Wind power

Wind power in North Rhine-Westphalia is not only a key to the energy transition, but also an important economic factor.

Wind power is an indispensable component for a climate-neutral energy sector in the industrial and energy state of North Rhine-Westphalia. Almost half of the renewable electricity is currently generated by wind turbines. 

In North Rhine-Westphalia, there are currently around 3,570 wind turbines in operation with a cumulative installed capacity of more than six gigawatts. These generate around 12,300 gigawatt-hours of electricity annually, which corresponds to the average annual demand of around 3.5 million three-person households. With its installed capacity, North Rhine-Westphalia is currently in fourth place nationwide behind the windy states of Lower Saxony, Schleswig-Holstein and Brandenburg. 


Wind power as an economic factor

Around 20,000 jobs in North Rhine-Westphalia along the entire value chain depend on the expansion of wind power. From the production of individual components to project development and turbine operation to dismantling, recycling and research, the annual turnover is around seven billion euros. More than 40 per cent of this is accounted for by the supplier industry, which manufactures technical components and supplies locations far beyond federal state borders. 


Existing areas must be used

A decisive factor for the expansion of wind power is identifying suitable locations. Thus, the State Agency for Nature, Environment and Consumer Protection is currently revising the NRW Renewable Energy Potential Study – Wind Power. According to preliminary results, locations for up to 17 gigawatts are considered to be available in North Rhine-Westphalia. In the updated NRW Energy Supply Strategy, the federal state aims to double the current capacity to twelve gigawatts by 2030. This corresponds to a net annual increase of about 650 megawatts, which means about 150 new wind turbines per year at current turbine sizes.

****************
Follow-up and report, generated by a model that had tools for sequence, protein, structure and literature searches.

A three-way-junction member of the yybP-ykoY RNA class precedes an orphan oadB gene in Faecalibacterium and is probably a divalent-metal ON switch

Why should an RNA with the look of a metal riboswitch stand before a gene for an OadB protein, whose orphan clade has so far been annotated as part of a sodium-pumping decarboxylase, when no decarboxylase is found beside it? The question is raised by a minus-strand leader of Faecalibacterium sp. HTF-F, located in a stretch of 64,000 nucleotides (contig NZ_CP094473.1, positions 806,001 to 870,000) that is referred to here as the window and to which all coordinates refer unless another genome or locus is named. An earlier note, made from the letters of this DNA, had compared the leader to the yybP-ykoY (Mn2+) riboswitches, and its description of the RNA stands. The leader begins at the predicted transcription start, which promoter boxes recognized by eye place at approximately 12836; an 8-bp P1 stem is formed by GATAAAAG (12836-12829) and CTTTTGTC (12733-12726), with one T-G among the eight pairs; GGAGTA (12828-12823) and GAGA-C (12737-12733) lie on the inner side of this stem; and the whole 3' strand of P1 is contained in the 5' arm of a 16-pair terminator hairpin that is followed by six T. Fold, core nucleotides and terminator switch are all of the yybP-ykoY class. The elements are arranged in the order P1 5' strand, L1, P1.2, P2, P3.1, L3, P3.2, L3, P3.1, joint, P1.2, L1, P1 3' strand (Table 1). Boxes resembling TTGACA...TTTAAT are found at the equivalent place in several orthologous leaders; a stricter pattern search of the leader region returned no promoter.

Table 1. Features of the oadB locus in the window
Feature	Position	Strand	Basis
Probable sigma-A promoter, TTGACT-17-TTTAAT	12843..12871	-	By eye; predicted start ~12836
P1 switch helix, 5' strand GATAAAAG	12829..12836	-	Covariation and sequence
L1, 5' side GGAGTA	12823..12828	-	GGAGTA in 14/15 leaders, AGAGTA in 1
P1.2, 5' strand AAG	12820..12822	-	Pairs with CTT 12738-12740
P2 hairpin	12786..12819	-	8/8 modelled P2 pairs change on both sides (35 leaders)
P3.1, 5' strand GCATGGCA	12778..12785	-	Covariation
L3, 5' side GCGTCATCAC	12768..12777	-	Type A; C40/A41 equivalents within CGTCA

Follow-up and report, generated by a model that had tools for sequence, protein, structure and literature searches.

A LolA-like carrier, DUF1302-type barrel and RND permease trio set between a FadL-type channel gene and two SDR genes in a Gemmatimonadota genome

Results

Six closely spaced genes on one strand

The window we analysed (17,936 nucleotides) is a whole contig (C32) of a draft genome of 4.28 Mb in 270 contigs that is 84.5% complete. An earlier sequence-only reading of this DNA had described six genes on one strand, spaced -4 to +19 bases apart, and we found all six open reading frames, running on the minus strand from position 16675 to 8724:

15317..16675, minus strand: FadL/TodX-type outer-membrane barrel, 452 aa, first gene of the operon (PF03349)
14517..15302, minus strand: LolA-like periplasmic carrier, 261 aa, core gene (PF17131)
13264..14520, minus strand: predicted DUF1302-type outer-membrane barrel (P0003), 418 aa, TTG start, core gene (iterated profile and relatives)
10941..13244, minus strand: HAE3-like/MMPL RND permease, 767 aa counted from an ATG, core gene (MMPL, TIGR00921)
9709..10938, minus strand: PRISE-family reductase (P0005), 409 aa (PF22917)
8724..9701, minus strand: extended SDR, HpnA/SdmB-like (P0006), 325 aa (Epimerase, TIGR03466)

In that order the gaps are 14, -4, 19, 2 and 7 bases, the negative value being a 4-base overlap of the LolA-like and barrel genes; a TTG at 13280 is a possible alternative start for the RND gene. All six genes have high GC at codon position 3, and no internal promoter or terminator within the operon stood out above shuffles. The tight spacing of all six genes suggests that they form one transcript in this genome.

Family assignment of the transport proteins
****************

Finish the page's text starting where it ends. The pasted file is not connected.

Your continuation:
Advancing the expansion in a way that ensures acceptance

In North Rhine-Westphalia, wind turbines must maintain a minimum distance of 1,000 metres from residential buildings. However, municipalities are still free to go as far below 1,000 metres as the emission regulations allow in their urban land use planning. Legal certainty for project developers is important.

Nature conservation and species protection

Taking nature conservation and species protection into consideration is of paramount importance to ensure acceptance of the expansion of wind power. One of the challenges is to avoid species protection conflicts and at the same time to ensure that approval procedures can be completed quickly through uniform regulations.